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Bush's Sop to the Right Hits Women Worldwide | The Nation

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Bush's Sop to the Right Hits Women Worldwide

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George W. Bush has a sweet appealing face until he reveals his dark side, as when he, in one of his first official acts, cut off funds to international population control groups.

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Robert Scheer
Robert Scheer, a contributing editor to The Nation, is editor of Truthdig.com and author of The Great American Stickup...

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The pundits said he was merely getting even with organizations like Planned Parenthood, which have opposed John Ashcroft's nomination as attorney general. But the stark consequences of that political vendetta will be tens of thousands of women around the world who will not have access to safe birth control and who will die in self-mutilating attempts at abortion. These women find themselves in such dire straits because they are, in many cases, the victims of forced sex, whether by husbands or strangers, who have total power over them.

In his message to the throngs bused into the nation's capital last week protesting on the 28th anniversary of the Supreme Court's ruling that abortion is legal, Bush said, "We share a great goal--to work toward a day when every child is welcomed in life and protected by law."

That sounds noble, but it begs the question: For how long is that child welcome--an hour or a lifetime?

What if that child is an 8-year-old street beggar in Rio de Janeiro or Bangkok? Will he still be welcome, and under what law will he be protected from pimps, perverted tourists and local merchants who hire gunmen to blow street urchins away? And what about the mothers of those children? Will they, and their families, sink deeper into poverty because of a birthing decision over which they had little or no control? Assuredly, they and their progeny will not be welcome to immigrate to the US to escape the economic collapse of their own part of the world. Nor has Bush even suggested an increase in the pathetic $2 annually per American allocated to foreign aid for the world's poor. Instead, he proposes a $236 billion tax cut over the next decade for the wealthiest 2 percent of Americans, money that if spent on the world's poor would represent a strong pro-life statement. In effect, he's cynically cheering on spiraling and unsustainable populations abroad.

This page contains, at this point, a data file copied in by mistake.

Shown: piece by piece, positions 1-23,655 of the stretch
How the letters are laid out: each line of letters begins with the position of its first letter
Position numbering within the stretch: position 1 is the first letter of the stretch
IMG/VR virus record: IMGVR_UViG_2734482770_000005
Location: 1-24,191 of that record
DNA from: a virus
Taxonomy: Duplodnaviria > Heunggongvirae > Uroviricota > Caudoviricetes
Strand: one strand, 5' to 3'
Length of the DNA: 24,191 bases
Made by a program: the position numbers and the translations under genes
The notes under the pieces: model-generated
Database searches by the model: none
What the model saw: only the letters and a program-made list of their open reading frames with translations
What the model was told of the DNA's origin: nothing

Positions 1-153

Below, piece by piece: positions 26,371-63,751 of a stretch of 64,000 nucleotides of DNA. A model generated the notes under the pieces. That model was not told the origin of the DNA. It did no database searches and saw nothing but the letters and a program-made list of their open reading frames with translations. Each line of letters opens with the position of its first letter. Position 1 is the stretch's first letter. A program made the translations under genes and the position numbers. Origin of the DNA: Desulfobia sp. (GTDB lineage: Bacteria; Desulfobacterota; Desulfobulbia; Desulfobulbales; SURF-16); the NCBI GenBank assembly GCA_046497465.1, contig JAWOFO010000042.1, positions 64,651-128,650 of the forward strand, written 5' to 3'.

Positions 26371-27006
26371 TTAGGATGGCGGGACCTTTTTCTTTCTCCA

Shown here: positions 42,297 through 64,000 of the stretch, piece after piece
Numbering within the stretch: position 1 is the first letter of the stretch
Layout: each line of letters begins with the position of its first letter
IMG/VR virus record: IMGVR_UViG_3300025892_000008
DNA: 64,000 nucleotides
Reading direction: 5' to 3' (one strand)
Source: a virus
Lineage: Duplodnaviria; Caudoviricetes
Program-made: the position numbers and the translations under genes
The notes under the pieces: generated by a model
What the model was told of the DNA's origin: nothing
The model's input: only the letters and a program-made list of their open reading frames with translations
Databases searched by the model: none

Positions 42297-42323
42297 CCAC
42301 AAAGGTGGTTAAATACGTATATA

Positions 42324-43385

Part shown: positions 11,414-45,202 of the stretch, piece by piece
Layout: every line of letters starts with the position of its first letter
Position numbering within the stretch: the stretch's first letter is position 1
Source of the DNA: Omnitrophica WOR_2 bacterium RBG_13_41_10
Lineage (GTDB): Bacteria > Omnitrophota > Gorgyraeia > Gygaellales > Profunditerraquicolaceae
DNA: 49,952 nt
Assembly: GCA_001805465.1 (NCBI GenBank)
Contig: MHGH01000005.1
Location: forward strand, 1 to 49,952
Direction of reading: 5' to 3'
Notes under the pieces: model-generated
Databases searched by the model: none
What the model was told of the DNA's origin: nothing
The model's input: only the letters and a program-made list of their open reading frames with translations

That's the reality faced daily by the folks at Planned Parenthood and those other international population-control organizations that Bush--in a sop to the right wing of his party--decided to cut off from US funding last week. There isn't a reputable social service organization that doesn't prefer contraception to abortion. Denying these groups funding undermines their effort to educate about birth control, which would help head off abortions and also curb population growth. Fully one-third of the world's work force is effectively unemployed, and the United Nations estimates that 500 million new jobs must be created just to accommodate new arrivals in the job market over the next decade. Developing economies do not stand a chance of meeting that demand without aggressive population control.

Yet Bush has chosen to cut funding for the very organizations, most notably Planned Parenthood, that work hardest to make birth control information available throughout the world. These groups do not use a penny of government money when they counsel women for whom birth control has failed that abortion is an option. But Bush would deny funds to any organization that offers abortion information in any of its privately funded activities.

For all his praise of private charities, Bush does not trust one of the nation's most venerable social service organizations to organize its work so as to not compromise the law. This is an organization actively supported by his grandfather, Prescott Bush, who lost his first campaign for the US Senate because Democrats confused Catholic voters with charges that Bush had contributed money to Planned Parenthood. When he finally won the seat, Prescott Bush was a strong advocate for the organization.

His son, George Herbert Walker Bush, as a young congressman was the author of the Family Planning Act of 1970, which George W. is now attempting to reverse. He should heed the words of his father back in 1973: "Success in the population field, under United Nations leadership, may, in turn, determine whether we resolve successfully the other great questions of peace, prosperity and individual rights that face the world."

Bush Sr. abandoned that sensible position to obtain the vice presidential slot on Ronald Reagan's ticket. The Reagan Administration first imposed the "gag" rule on family planning organizations, denying them funds if they even mentioned abortion as a choice in their educational work. That is the ban that Bill Clinton reversed and which George W. has re-established.

Bush's purpose seems to be that of placating the far right while punishing Planned Parenthood for having dared to suggest that John Ashcroft, who equates abortion to murder, cannot be trusted to enforce the law protecting a women's legal right to choose that medical procedure.

One suspects that if Prescott Bush had been given the choice of trusting Planned Parenthood over Ashcroft to obey the law, his answer would have been obvious.

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